Trash Talk

By Malcolm Beith ~ Newsweek Magazine ( International Edition )

Americans just love the open road, especially the denizens of those clunky homes-on-wheels that trundle along behind pickups and rest in trailer parks. Culture snobs dub such folk "trailer trash", but not everyone sees them this way. Neil Nesslage, a 28-year-old factory worker from Missouri, set up a Web site, missouritrailertrash.com, to explain that trailer dwellers aren't just po' folk who don't know nuttin'. His life and views, as told to PERI:

Why a life on wheels?

I was tired of renting an apartment. The only houses we could afford were old and run-down, so we thought... A trailer. Everything was new.

Any dangers on the road?

Tornadoes. I hate that feeling I get when the sky turns green and the clouds get thick. A basement would be nice!

Why the Web site?

Entertainment's the main reason, but I have a point to make. Just because you live in a trailer doesn't make you trailer trash. I'm not making fun of poor people. I'm making fun of trash. It's the stereotype that all trailer dwellers must live with, whether we like it or not. So I may as well have fun with it.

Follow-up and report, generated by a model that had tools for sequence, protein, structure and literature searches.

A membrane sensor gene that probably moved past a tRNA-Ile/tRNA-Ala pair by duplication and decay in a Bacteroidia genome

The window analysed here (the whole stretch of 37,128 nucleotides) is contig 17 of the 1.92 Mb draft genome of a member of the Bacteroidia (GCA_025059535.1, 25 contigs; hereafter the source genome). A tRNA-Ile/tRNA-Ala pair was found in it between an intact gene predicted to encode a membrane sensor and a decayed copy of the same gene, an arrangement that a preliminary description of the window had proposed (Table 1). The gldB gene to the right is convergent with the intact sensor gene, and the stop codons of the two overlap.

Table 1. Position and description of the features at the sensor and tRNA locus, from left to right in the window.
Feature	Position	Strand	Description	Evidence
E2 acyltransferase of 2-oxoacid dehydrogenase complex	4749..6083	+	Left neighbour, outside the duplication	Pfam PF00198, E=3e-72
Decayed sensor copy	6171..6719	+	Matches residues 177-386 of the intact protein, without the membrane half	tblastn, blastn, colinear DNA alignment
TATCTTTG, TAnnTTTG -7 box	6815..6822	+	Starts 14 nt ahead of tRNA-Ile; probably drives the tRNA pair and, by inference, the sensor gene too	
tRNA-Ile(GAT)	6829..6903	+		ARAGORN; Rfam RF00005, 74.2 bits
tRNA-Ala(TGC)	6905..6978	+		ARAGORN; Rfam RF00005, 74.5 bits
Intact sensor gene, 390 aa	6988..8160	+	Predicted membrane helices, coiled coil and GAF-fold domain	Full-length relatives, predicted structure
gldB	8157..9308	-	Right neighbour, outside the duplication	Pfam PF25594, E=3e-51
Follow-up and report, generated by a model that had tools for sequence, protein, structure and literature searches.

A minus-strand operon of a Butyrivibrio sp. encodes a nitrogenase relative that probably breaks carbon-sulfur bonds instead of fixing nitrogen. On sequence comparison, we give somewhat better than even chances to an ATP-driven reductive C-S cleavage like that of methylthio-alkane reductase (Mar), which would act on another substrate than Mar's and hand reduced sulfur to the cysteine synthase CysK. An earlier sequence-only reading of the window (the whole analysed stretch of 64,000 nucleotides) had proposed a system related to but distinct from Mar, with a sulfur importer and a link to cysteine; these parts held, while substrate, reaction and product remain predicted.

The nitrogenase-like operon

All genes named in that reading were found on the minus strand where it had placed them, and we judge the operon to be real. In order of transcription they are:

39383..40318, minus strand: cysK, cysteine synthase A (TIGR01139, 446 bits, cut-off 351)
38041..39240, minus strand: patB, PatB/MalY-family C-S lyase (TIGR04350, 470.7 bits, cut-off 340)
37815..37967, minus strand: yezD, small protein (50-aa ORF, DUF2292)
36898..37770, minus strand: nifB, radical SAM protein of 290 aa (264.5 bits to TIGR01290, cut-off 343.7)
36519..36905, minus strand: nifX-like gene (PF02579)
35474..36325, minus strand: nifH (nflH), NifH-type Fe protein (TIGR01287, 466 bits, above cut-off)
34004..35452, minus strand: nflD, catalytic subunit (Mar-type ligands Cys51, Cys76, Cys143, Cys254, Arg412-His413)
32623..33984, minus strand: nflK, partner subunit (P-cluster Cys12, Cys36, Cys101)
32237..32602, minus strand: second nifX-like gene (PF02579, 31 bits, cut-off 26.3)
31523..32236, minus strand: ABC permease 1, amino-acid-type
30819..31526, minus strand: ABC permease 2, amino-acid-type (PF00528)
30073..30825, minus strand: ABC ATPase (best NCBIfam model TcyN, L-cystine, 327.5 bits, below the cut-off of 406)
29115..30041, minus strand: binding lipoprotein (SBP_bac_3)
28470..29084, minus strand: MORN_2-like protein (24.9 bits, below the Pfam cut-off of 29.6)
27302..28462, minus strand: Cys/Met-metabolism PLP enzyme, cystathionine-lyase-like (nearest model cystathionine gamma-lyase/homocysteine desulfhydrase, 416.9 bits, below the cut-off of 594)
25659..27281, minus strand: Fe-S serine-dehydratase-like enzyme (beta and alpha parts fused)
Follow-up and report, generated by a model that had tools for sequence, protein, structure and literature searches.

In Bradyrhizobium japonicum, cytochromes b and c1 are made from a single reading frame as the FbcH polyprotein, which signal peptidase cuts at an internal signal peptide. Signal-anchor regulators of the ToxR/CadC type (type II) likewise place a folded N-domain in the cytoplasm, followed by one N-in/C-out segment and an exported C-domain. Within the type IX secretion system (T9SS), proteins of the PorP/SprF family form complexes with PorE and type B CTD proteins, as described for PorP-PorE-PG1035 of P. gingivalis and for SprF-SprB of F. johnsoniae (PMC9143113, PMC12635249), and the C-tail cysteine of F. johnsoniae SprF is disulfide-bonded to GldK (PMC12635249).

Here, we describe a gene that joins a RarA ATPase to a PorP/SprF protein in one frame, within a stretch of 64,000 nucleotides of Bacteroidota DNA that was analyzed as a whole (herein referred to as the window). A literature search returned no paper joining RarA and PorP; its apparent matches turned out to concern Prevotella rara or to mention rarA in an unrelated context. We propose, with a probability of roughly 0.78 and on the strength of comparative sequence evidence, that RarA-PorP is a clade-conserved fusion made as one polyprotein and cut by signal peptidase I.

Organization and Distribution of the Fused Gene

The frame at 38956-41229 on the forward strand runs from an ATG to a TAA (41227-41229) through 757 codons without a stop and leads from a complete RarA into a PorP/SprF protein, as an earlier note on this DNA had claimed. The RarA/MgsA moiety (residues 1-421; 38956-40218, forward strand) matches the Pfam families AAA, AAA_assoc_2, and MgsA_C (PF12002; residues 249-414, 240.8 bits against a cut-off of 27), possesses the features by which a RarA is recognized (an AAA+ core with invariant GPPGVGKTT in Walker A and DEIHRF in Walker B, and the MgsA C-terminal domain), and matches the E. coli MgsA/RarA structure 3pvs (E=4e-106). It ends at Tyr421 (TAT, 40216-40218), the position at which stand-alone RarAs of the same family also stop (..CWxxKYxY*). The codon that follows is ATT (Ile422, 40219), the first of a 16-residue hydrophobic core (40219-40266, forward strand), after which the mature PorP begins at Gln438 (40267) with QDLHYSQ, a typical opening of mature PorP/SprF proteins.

What's the fun part?

People get creative, like using a dump-truck hood for an awning. One put a single-wide trailer on such a steep hill that the front was actually resting on the ground and the rear was about 30 feet in the air. And I'm talking about just using your regular concrete blocks. How safe is that? That guy has to worry about tornadoes and earthquakes!

Are trailers a form of art?

Yes, because no two are alike. Kinda like when you see abstract art made entirely of junk in a museum. You don't know what to make of it, and it means something different to everyone.

Where do trailer folk fit in America's so-called classless society?

I think they're in a class of their own.


2001, Newsweek Magazine.